Ewan's Blog

Cautious optimism not carefree abandon…

Tuesday 01 Oct 2019

I love the wave of optimism that has swept across the market in recent weeks. Nothing excites an agent more than when positivity ignites activity, so it may seem a little obtuse to hear within that climate I feel compelled to issue some words of caution.

I have said many times that the role of a real estate agent is to provide clients with the facts so they can make the right decisions, even if those facts are not what the client wants to hear – perhaps especially if those facts are not what they want to hear.

And right now I think it’s important for anyone looking to enter the market as either a buyer of a vendor to know that despite the hype, the market isn’t ‘booming’. And I don’t really expect it to. It is bubbling along nicely but to expect that it is going to explode into record breaking realms is dangerous and there is a good potential it will lead to disappointment.

Yes, buyers are returning to the market. Yes values are increasing steadily but that can be explained by the extended lag in vendors being prepared to go to market. We have seen a prolonged lack of available stock which has delivered good returns for those who have taken quality properties to market and now that new stock is finally coming online it too is being eagerly received.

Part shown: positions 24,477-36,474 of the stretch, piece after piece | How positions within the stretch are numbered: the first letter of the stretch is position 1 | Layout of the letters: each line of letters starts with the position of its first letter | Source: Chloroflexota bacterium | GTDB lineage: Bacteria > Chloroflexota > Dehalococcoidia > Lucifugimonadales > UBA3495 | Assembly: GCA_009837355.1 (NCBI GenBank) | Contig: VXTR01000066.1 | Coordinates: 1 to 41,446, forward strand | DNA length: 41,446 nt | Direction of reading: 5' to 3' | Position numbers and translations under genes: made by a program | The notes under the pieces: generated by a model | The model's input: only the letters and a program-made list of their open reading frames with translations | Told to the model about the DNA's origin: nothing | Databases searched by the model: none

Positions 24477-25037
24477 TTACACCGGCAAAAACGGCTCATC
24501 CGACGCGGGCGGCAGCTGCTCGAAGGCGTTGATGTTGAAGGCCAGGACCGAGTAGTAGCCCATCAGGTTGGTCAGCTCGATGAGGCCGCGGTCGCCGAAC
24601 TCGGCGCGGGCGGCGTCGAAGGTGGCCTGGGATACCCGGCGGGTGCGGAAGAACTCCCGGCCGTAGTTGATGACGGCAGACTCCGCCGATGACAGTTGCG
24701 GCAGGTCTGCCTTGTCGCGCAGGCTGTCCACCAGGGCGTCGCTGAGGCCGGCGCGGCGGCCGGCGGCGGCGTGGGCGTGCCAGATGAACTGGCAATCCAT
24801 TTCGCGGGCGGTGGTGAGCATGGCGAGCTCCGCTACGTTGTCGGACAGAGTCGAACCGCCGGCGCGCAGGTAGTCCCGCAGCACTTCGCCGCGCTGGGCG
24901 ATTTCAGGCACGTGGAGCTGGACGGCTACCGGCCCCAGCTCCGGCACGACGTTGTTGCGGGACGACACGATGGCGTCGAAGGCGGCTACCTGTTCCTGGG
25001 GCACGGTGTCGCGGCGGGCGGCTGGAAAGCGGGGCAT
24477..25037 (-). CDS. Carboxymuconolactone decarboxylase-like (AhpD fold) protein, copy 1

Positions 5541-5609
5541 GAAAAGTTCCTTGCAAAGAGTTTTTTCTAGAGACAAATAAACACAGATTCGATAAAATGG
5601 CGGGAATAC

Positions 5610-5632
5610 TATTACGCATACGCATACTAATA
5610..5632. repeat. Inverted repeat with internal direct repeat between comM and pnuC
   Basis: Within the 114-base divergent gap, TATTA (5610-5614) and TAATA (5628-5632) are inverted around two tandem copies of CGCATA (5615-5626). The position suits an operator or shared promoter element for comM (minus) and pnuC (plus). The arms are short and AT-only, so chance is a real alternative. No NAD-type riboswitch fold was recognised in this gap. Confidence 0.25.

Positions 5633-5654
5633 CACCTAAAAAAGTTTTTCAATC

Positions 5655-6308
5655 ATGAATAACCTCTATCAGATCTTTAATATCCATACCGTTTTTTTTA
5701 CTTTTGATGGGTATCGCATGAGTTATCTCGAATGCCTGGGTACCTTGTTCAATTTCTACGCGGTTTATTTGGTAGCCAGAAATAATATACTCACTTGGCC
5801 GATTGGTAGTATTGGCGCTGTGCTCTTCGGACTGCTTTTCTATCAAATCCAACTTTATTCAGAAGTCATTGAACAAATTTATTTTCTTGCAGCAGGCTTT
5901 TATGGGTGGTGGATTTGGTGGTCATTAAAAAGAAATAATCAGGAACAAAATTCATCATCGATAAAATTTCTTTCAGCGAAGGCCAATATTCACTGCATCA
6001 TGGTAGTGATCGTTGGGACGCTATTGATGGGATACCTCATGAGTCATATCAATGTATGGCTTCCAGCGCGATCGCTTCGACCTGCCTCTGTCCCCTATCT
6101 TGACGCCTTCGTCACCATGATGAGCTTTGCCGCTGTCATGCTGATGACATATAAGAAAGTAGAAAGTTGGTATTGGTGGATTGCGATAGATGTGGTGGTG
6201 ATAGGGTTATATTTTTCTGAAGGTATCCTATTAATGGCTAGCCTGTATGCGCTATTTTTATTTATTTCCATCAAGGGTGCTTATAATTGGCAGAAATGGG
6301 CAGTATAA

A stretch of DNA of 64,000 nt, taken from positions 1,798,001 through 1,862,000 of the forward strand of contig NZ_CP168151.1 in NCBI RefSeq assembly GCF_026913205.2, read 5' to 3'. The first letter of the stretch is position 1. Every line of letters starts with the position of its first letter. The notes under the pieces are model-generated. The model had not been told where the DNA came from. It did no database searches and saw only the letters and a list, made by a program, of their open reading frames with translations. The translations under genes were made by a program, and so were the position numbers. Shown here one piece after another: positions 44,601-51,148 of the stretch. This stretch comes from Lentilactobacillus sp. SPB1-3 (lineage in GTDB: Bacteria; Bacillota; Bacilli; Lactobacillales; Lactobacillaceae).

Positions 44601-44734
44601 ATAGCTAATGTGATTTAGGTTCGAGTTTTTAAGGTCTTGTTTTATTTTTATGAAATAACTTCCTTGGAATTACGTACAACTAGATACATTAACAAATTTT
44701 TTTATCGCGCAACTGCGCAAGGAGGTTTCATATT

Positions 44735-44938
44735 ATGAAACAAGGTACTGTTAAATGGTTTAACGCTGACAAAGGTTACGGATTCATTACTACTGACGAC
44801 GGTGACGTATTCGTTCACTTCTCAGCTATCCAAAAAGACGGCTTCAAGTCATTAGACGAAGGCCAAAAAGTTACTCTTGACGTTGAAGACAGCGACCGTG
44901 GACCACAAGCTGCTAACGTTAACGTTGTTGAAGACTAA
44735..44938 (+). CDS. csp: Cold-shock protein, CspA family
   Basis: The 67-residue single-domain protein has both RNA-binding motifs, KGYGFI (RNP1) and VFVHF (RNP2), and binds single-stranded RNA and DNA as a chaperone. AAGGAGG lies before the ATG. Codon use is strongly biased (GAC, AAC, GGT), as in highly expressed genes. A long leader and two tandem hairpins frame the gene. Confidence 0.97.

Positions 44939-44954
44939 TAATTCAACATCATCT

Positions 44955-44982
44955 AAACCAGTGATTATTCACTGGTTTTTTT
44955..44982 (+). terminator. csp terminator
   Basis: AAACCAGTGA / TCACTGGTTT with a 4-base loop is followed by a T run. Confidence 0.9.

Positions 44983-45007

These are good days to be looking to do a good deal. But based on what our team are reporting I don’t believe the welcomed regeneration of activity is the beginning of another property boom.

I acknowledge that the positive media reports have come off the back of some welcomed positive statistics. And don’t get me wrong, I’m all for positive news! We have seen good auction clearance rates, a healthy rise and a long-awaited rise in values locked for the last few consecutive months and certainly an increase in overall activity.

But again I say even those statistics do not automatically mean we are heading for property boom. The low interest rate environment is certainly not inhibiting the market but our team are not seeing them as a key driver in the growth we have seen to date. In my view unemployment rates continue to be a heavy cautionary weight on any potential blowout in prices. 

My advice to our clients is to be careful how you read the numbers. Rather than a boom I see them as telling a story of slow, careful rebuild of cautious confidence and as I have said before I don’t think that is a bad thing. Solid, sustained growth will deliver healthy, consistent and calculable returns for all.  If you’re not convinced give me a call and I’ll talk you through it in more detail.